Mount conversion to Canon EF mount to use Canon supertele 300 mm/ 2.8 L on Canon EOS DSLR cameras
To use this fine old FD lens - to my sorrow it has fungus - I converted it to Canon EF mount.
Original Canon FD lenses have complex ball bearings in the mount. This conversion is NOT for lens mount conversion beginners! To build it back to FD mount is hard, not only because of these ball bearings. If one build directly a new iris lever inside, the conversion is reversible.
There are different ways to convert this lens to Canon EF mount. This is one of the ways. Another one is to use a short FD-EF adapter and change the internal focussing (IF) system. I am not sure wheter this change in the optical system has a bad influence on the image quality. Some say no. I think there is a reason why Canon has not implemented a shorter minimum focus distance in this lens - what seems easy with this kind of internal focus group altering. So I suppose that the image quality decrease with such an operation.
For my undestanding the IF modification is like getting a altered zoom range in a zoom lens.
Here my way without changing the optical setup:
The old FD mount is not easy to disassemble!
From the mount sind eyou could get some parts of the mount away, but the iris mechanics with all the levers and rings not.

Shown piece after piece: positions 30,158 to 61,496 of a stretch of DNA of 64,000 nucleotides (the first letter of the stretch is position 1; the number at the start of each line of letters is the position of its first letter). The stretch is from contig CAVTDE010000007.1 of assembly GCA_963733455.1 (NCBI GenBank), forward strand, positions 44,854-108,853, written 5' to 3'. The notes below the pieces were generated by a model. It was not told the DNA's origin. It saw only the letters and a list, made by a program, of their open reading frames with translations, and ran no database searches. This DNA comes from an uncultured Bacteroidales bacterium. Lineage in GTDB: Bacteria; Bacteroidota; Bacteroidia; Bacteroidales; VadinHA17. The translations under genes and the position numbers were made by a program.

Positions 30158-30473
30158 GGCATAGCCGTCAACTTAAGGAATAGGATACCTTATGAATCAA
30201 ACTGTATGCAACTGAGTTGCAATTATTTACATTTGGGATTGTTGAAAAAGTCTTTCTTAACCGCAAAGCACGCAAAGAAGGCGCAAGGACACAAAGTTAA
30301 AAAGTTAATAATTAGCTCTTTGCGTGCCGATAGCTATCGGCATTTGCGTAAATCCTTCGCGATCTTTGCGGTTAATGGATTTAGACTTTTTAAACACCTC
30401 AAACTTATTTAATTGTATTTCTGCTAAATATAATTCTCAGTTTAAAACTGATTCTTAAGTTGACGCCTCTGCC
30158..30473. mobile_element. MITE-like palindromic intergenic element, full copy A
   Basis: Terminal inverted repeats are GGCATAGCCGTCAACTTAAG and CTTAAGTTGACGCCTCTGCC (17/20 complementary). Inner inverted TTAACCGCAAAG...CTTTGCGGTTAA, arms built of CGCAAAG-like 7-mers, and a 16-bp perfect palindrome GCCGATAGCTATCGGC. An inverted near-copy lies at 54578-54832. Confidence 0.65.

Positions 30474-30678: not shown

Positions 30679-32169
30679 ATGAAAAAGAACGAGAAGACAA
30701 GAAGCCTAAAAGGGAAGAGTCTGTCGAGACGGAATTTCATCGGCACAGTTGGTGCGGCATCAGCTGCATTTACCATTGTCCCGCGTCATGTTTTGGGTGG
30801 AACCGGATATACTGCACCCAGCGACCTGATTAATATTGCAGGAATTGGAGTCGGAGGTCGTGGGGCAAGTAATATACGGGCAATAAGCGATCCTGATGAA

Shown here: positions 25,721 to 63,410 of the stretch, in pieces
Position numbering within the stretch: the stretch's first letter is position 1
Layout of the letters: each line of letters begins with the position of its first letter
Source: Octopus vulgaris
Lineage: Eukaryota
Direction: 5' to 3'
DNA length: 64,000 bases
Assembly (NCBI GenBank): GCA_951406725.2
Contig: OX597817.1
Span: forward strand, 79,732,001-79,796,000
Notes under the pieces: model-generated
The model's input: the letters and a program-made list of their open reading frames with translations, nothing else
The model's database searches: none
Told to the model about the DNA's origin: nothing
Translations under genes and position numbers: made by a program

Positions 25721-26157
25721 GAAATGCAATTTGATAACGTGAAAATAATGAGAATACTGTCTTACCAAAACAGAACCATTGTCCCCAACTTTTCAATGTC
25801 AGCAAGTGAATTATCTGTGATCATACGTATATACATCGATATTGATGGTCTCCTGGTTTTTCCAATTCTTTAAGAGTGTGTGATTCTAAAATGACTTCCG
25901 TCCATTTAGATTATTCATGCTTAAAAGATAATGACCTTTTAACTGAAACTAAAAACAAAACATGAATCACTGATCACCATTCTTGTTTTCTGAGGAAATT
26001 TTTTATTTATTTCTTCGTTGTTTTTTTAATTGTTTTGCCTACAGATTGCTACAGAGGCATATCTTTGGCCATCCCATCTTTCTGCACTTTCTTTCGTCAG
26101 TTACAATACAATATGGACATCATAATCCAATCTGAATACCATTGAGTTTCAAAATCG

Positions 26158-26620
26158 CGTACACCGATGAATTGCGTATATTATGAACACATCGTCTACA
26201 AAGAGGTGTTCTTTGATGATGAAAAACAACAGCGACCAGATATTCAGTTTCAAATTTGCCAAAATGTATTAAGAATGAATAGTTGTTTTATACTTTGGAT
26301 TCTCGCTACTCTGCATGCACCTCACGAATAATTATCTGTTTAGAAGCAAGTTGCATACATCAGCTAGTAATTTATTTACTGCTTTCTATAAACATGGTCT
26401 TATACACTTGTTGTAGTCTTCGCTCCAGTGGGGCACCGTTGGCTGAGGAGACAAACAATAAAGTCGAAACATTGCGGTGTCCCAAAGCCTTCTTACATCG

For the preparation of the work it helps to take a cheap 48mm filter inside the filter holder - in case some of the ball bearings drop onto that filter - this was the case in my first try.
So the UV filter has a real protection function :-)
To get further one need to seperate the front and back part of the lens. For this you need to open small set screws, after that you could screw that flange away - if you take the filter holder out.
Now you have the front part with all the lenses, and the back part with the iris and the mount seperated.
Even after this we are not ready!
The iris assembly needs to be removed from the tube. For this I have removed the four screws beneath the rubber blanket around the filter drawer. The small metal spring parts that are around the drawer must be removed after this.
Now one should open the iris. With a longer screwdriver through the iris opening I could open four screws. After that I get the iris assembly and some mechanics.
Up to now was the easy part of the operation!
Here in the picture you could see the iris lever that is inside the iris fork of the iris assembly. I think in this picture you see my own made iris lever - its bright. As I remember the original lever is dark, and not that good to recognize in the picture - because of that I took this one.
Our own made laver need to get into this place, without scratching the parts around.
But first we need to make a new iris mechanics for the mount part, and the EF mount.
As a new mount I took a M42-Canon EF adapter ring. One has to flag the "upside" = iris-index position on this mount adapter!
I reccomend to do this on a cheap test camera, like a (film) EOS 500n.
Now we need the positions for the screw holes.